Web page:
According to Brookings Institution research, 17 million workers are likely to permanently leave the infrastructure workforce over the next decade, mostly to retirement or other kinds of work. Along with refilling their slots, 15 million additional workers are needed to handle growth. But many prospective workers—especially people of color, women, and others long discouraged and excluded from many of these jobs—don’t yet view these careers as good prospects for them, or may not even know they exist. And they lack flexible ways to enter and grow in them, including on-the-job training, credentialing, and supportive services such as affordable and accessible child care.
Underlying that, governors, lawmakers, advocates, and the media usually treat infrastructure agencies as though ensuring an excellent and inclusive workforce is someone else’s job: Just focus on the capital projects, and assume a skilled workforce will materialize. Leaders in education, training, and labor need to be engaged, of course, along with community voices. But they can’t do this lift alone—not without those who will sponsor trillions of dollars in capital projects and hire the workers to produce them. For one, our system of applied training just doesn’t have the money. If it were on par with other advanced economies, there would be millions of funded apprenticeships and pre-apprenticeships available in America each year, not the approximately 600,000 reported in Labor Department data.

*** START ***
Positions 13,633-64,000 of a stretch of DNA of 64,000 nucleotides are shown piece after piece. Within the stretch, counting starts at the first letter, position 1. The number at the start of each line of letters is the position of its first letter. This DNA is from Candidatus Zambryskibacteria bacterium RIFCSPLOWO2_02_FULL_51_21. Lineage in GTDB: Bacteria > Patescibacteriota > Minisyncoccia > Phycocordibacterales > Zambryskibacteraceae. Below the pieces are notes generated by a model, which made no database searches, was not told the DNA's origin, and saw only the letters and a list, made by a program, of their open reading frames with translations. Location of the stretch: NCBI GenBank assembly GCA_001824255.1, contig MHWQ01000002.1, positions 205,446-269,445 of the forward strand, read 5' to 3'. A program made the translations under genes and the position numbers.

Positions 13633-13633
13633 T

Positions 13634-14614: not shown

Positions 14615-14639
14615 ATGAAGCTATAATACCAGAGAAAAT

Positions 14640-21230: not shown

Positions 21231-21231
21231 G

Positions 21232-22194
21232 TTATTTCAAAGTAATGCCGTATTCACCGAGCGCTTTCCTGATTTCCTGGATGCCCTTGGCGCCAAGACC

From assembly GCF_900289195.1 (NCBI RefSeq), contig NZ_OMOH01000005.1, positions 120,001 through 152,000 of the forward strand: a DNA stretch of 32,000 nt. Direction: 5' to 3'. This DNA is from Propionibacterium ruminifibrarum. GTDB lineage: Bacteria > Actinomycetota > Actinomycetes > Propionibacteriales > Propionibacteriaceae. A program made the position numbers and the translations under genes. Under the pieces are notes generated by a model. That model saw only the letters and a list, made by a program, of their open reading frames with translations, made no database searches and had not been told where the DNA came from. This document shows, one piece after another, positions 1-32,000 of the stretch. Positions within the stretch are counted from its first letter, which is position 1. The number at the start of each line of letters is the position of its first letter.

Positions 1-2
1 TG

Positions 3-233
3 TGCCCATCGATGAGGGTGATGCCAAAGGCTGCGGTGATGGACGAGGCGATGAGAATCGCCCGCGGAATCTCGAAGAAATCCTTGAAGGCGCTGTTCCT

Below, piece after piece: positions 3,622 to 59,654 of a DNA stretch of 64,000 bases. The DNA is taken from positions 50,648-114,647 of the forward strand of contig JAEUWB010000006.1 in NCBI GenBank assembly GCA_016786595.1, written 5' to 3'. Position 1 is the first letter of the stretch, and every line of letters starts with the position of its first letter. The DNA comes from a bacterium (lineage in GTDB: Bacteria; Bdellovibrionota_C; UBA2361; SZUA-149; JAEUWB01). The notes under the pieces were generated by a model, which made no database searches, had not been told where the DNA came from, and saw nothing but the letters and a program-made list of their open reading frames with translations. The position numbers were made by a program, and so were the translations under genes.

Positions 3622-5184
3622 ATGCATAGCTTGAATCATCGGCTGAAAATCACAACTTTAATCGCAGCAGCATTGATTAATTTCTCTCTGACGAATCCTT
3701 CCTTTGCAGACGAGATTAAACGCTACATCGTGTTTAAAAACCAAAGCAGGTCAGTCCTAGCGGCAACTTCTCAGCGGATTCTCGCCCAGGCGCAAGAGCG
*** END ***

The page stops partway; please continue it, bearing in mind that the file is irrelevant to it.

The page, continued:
We’ve been on this path for a while. After the 1970s, as we sought to expand college access regardless of race and as “vocational education” acquired a negative stigma, the U.S. scaled back earn-while-you-learn and other applied programs. Though funding and bipartisan political support for apprenticeships have shown encouraging growth in recent years, it’s still miniscule overall: In per capita terms, we spend about one-tenth what the United Kingdom or Switzerland spend—and, shockingly, about one-fiftieth what we spend subsidizing college education.
In the context of a shrinking, aging, and nondiverse, mostly white male skilled trades workforce, America needs more workers and more inclusion—drawing in younger people, women, people of color, and others facing barriers—to fill these careers and make it possible for us to achieve big national goals. According to recent analyses, only 11% of infrastructure workers are under the age of 24, and only 19% are women. People of color are also dramatically under-represented in a range of occupations relative to the labor market as a whole. This is in spite of the opportunity these careers present: Infrastructure jobs tend to require less formal education (54% of infrastructure workers have a high school degree or less), and lower-income workers can earn 30% higher pay relative to other jobs nationally. Workers of color, especially Black and Hispanic workers, also tend to be concentrated in lower-wage occupations in the sector: They make up 44% of the nation’s laborers and material movers, for example, whose average salary is about $35,000 per year, but only 23% of electricians, who earn an average of $63,000 per year.